The Navy’s public shipyards — which repair the service’s submarines and aircraft carriers — are ageing and facing obsolescence issues. To revitalize the yards and improve infrastructure, the Navy is in the midst of a multi-billion-dollar optimization overhaul that will employ digital twin technology to map out areas most in need of changes.
The Shipyard Infrastructure Optimization Program, or SIOP, is a 20-year, $21-billion effort to modernize the four public yards in Norfolk, Virginia; Pearl Harbor, Hawaii; Portsmouth, Virginia; and Puget Sound, Washington.
“We’ve got dry docks that are over 100 years old,” said Steve Lagana, program manager for the SIOP office. “We have buildings that are over 100 years old.”
Rep. Rob Wittman, R-Va., ranking member of the House Armed Services subcommittee on seapower and projection forces, said the yards are in dire need of an upgrade.
“When you travel to our public shipyards, it is sobering to see the age of the dry docks, … the limited capability of the dry docks, and also the age of the shops that are there,” he said during the Surface Navy Association’s annual conference in January, which was held virtually due to the COVID-19 pandemic.
This creates substantial efficiency issues, he noted.
“If you go to a place like Norfolk Naval Shipyard, and you’re working on a ship in a dry dock and the shop that is producing materials for that ship is thousands of feet away, … it is grossly inefficient to be able to do that,” Wittman said.
Over time, the infrastructure “got a little misconfigured for what we’re doing,” Lagana said in an interview.
The missions had changed over the years from shipbuilding to maintenance, and then to nuclear-powered ship maintenance, he noted.
“The infrastructure just never evolved with those changes,” he said.
The Navy recognized that infrastructure is intrinsically linked to performance and in 2017 began laying the groundwork for the SIOP program, which officially began in the summer of 2018, Lagana said.
“This really is an industrial manufacturing optimization program with a focus on productivity in the shipyards and how that affects the overall national defence,” he said. “How do we get submarines in and out of shipyards as efficiently as possible, so the fleet commanders have the assets they need to do their mission?”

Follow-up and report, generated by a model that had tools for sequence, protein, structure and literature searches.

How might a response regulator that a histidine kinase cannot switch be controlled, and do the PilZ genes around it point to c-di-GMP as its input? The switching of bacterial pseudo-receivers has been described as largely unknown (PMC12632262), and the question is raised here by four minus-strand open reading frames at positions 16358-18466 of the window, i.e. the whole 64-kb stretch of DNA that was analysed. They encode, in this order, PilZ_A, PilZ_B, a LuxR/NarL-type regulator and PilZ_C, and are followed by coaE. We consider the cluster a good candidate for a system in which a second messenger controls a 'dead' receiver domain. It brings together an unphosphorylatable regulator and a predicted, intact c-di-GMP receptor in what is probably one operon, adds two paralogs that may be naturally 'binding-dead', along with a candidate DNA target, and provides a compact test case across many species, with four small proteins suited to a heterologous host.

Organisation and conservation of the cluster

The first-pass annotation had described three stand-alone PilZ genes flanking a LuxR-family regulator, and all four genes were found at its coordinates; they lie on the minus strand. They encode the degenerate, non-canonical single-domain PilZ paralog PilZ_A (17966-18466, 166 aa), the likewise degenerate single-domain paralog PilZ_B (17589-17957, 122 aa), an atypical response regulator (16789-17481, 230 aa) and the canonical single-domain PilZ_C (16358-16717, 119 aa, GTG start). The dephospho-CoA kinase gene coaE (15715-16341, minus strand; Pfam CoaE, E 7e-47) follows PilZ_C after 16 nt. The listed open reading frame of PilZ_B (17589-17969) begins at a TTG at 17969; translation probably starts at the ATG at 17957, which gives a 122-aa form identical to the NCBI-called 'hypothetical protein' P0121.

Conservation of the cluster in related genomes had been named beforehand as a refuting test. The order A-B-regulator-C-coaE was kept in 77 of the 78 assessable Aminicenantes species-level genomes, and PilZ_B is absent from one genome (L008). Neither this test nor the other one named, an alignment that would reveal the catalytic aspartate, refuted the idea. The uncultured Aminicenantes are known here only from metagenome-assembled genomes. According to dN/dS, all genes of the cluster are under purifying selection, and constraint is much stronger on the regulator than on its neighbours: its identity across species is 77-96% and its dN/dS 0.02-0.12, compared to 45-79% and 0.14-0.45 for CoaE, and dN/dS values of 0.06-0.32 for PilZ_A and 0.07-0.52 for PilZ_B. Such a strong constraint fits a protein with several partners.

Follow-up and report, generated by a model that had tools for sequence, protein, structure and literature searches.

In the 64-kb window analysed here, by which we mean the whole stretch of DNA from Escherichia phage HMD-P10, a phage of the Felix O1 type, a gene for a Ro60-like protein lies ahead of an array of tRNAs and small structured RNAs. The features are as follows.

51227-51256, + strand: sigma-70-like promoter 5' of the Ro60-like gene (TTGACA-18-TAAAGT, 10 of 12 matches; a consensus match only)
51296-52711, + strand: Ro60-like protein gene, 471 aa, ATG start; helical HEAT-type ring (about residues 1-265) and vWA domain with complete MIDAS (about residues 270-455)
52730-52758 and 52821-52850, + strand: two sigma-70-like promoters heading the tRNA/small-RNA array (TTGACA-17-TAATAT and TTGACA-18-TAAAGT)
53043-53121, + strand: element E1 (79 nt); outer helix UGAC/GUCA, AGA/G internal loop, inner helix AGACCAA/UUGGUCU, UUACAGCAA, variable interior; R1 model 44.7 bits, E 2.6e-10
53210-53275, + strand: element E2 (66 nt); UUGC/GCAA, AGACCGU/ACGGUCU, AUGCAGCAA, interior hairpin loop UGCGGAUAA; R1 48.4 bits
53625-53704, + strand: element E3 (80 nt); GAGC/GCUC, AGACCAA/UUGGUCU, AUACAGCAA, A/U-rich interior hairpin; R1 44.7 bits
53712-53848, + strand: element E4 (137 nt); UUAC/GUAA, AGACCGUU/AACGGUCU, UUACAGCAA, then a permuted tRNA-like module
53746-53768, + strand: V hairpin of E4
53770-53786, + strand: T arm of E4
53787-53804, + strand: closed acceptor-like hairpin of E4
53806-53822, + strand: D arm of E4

Critical to the effort is a modelling-and-simulation technology known as digital twins which digitally replicates an object, place or building, said Stephanie Douglas, executive director for logistics, maintenance and industrial operations at Naval Sea Systems Command.
“The modelling and simulation are really key as it allows us the opportunity to figure out how to optimize flow, not only within the shops but around the yards to provide the most efficient and productive layout for operations within the shipyard,” she said.
“We’re already seeing some really exciting things come out of the modelling-and-simulation piece of it in terms of opportunities.”
The service reached out to industry to tackle the “massive effort” and chose Siemens Government Technologies to create digital twins for each of the four yards, Lagana said.
“There has never been a digital twin modelling-and-simulation effort of this size and scale ever in the world,” he said.
The service completed its first digital twin of Pearl Harbor Naval Shipyard near the end of 2020, he said. Puget Sound recently finished up its baseline model and will soon begin analysis for its industrial optimization. Meanwhile, data collection recently wrapped up in January at Portsmouth.
“Once we do the validation and verification of that, we will start into that effort,” he said.
Norfolk is also moving along well, he added. Lagana noted that all the yards will have their digital twins up and running this year. The service is already gleaning a great deal of information from Pearl Harbor’s digital twin, he said.
“We’re definitely getting some better insight into some potential tweaks in infrastructure,” he said. “With any analysis, you kind of want to find that sweet spot, that knee in the curve to where can I get the most efficiencies with the best return on investment.”
In some cases, the Navy is finding that some areas are not as bad as they originally thought and applying “lean manufacturing principles” could provide good value, Lagana said.
However, in other areas they are finding that they may need to construct new buildings to create efficiencies.
For example, some workforce service buildings may need to be moved closer to the waterfront, he said. “That way the workers don’t have to travel so far for food or for training or for any type of support,” he said.
In April, the office plans to bring together all of Pearl Harbor’s facilities engineers, modellers and industrial engineers to sift through the data and outline a new area development plan that will articulate the service’s intentions for the shipyard, Lagana said. That will include infrastructure investments that are required to achieve efficiencies and a strategy to execute them.